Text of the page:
Skip to comments.Monkees star Davy Jones dies at 66
Posted on 02/29/2012 10:36:19 AM PST by DJ MacWoW
Singer Davy Jones of The Monkees has died of a heart attack at 66, the medical examiner's office in Martin County, Fla., has confirmed to NBC News.
The news was originally reported by TMZ.
Jones was most famous for his role in the pop group The Monkees, which was put together in 1965 for the TV show of the same name. Their hits included "Daydream Believer," "Last Train to Clarksville," "I'm a Believer," and "Pleasant Valley Sunday." They also charted with the theme song from the show.
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Right. Aside from the praise of Jones’s drumming, it’s been said that it would have been better for Tork to have been the lead guitar, with Nesmith on bass, and I believe they’ve done that on some songs during their various reunion gigs.
I don’t think I ever watched their show unless it happened to be on while watching something.
I did like their music. I recall thinking they were surprisingly good for a band which was just made up for a TV show.
As someone else pointed out, I have “daydream Believer” going through my head right now tho I never did understand all the words.
#Sigh#....I am getting old.
Over the years, I saw them in concert four times (including their first tour in early ‘67), three of which included Nesmith. Ironically, although Nesmith was always my favorite musically and as a character on the show, my two favorite concert moments didn’t involve him, at least not directly.
The first favorite moment was during the ‘89 Universal Amphitheatre show where Nesmith joined for about the last third. Prior to him coming on, the other three did a really nice acoustic set. It included the song “When Love Comes Knocking at Your Door,” which I never thought much of before, but really enjoyed the simple arrangement and layered vocals when done in this manner.
My second favorite moment was during another Universal Amphitheatre show (’96?), with just the three. At one point, they all got on guitars and banged away on Nesmith’s song “Circle Sky” right at the foot of the stage. It was very energetic and cool.
The fourth time I saw them perform (as a group) was at the JUSTUS promotional gig at Billboard Live in Hollywood. I was able to briefly meet them and get my copy of the CD signed.
Meowwww... Uh, what is your problem? You have a right to your opinion, of course, but do you have to come on here and dump the ugly comment on here? A lot of the rest of us loved the Monkees, you could try having a bit of respect for a lot of us who loved them. We are remembering Mr. Jones, and paying respects for his passing, ok?
Yeah, I was surprised to learn recently that he actually was proficient on drums, but was too short to be seen behind a large drum-set! He also played guitar pretty well too!
I can’t remember who had played what but they were ALL musical before the TV show. They get a bum rap on that score.
“Other significant contributors along the way were Carole King, Neil Sedaka, Neil Diamond, David Gates, Harry Nillson, and Michael Murphy.”
Might be worth mentioning that one of the Monkees’ biggest hits, “Daydream Believer”, was written by John Stewart, who first got recognition when he replaced Dave Guard in The Kingston Trio in the early 1960’s, and who went on to a long career as a solo artist and songwriter after the original Trio disbanded in 1967.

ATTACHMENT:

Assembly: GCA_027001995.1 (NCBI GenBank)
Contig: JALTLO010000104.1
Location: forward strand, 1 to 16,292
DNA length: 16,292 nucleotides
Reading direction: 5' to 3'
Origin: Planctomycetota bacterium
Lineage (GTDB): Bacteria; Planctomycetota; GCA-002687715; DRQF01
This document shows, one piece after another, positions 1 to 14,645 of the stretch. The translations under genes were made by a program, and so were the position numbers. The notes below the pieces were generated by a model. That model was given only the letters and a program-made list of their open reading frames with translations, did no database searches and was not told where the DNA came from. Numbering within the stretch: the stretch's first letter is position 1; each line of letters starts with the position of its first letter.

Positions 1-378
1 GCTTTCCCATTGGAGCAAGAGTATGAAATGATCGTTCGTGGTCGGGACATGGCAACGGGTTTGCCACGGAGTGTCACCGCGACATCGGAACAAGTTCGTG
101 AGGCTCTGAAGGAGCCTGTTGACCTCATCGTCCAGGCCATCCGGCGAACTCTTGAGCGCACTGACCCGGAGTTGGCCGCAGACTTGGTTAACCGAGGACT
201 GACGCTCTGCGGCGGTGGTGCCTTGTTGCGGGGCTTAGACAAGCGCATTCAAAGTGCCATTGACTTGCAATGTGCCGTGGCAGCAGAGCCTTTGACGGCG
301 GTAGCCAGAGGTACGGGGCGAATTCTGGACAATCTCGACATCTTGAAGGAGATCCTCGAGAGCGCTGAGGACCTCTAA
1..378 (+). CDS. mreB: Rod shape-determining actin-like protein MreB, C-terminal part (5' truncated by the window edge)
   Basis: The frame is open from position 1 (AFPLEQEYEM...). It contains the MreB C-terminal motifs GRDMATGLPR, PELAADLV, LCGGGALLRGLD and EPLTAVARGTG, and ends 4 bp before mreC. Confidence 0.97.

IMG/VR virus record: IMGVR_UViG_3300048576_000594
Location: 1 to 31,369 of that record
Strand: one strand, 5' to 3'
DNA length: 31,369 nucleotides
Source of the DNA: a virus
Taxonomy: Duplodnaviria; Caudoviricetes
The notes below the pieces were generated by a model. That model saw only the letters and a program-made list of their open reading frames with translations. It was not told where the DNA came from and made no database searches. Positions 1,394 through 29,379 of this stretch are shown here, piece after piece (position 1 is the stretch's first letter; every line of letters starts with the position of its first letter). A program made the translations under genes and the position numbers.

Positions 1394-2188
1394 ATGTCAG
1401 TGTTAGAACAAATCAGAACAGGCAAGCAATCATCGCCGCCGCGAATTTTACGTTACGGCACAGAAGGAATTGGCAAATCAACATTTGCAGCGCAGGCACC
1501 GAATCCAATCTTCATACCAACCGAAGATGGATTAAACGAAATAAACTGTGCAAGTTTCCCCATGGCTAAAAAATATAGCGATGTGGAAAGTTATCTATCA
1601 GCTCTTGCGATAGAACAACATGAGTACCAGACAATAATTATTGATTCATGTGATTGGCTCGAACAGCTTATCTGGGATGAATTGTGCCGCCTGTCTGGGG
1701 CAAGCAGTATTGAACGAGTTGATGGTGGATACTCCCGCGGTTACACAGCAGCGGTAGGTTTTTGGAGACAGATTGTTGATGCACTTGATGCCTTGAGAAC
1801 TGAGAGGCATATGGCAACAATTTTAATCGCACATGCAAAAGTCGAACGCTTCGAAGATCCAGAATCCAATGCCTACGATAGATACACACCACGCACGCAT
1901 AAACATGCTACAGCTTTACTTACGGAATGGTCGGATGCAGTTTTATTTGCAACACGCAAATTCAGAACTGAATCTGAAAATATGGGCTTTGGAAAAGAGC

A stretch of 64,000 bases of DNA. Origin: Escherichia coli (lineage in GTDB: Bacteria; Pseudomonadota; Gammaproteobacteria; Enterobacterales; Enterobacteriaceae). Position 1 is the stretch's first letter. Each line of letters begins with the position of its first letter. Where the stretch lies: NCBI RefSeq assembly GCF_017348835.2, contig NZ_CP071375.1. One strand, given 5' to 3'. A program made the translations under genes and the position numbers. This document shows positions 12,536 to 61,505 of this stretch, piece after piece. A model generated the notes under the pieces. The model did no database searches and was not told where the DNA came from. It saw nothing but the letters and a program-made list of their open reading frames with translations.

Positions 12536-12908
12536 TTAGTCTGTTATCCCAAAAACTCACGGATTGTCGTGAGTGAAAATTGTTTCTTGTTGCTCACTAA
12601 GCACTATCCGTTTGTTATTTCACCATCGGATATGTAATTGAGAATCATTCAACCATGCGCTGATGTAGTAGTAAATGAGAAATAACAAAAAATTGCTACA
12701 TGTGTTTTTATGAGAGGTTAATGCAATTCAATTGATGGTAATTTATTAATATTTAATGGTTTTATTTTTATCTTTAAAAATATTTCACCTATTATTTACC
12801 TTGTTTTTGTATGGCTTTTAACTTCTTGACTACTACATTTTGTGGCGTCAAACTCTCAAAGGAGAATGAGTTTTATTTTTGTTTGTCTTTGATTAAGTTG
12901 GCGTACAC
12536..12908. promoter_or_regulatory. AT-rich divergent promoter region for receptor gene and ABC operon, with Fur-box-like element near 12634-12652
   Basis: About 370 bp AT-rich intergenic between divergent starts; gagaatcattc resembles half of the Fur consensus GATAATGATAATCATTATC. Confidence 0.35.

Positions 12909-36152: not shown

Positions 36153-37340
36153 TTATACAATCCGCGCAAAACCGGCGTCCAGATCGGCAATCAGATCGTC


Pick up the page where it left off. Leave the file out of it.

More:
The sweetest and CUTEST GUY EVER dies and no pics??? (I don’t know how to post pics).
For some reason, Nesmith seems to have some rancor for the Monkees. I think that’s a shame.
Yes, and I can never hear the song without recalling that they altered Stewart’s lyrics from “Now you know how funky I can be,” which in context makes more sense than “happy.”
I don’t think that’s really the case. If anything, I think it’s more the reverse now, since he bailed during their UK tour. In fact, I think Jones declared that he’d never perform with Nesmith again (although I think similar statements about group reunions were ultimately proven untrue). Nesmith simply never felt as strong an identification with the group, which makes sense, as he’d already gotten a Colpix contract (as had Jones) before the show was cast, and even while a member was charting his course as one of the founding fathers of country-rock.
Clips are on Youtube...trippy indeed.
>This guy was upstanding and was never the center of a scandal. He will not get the recognition that others have. That is the nature of our press. They seem to push the worst of society as “idols” and “role models”. I believe that is a shame and should be mentioned. Often.<
I agree. Fox hasn’t said boo about a guy who was a huge part of so many people’s youth. A guy who had a clean image, who never was on the news for being stoned out of his mind, and who certainly never was on the news in a sex scandal.
That was a totally wild movie that fell through the cracks. The music wasn’t as bad as one would think it would be. I haven’t seen it in years. I just checked and Netflix has it. I just put it in my queue for fun.
Bowie and Jones were together in an English band called the King Bees.
Wow! Sorry I didn't hold their music in such high esteem. Lo siento mucho!
And I guess I now have to consider their music as awesome.
Obviously, Davy Jones apparently led a nice, noncontroversial life, and that's nice. I feel bad for his family and friends.
Stephen Stills tried out for the Monkees. Got a pass-going bald, bad teeth.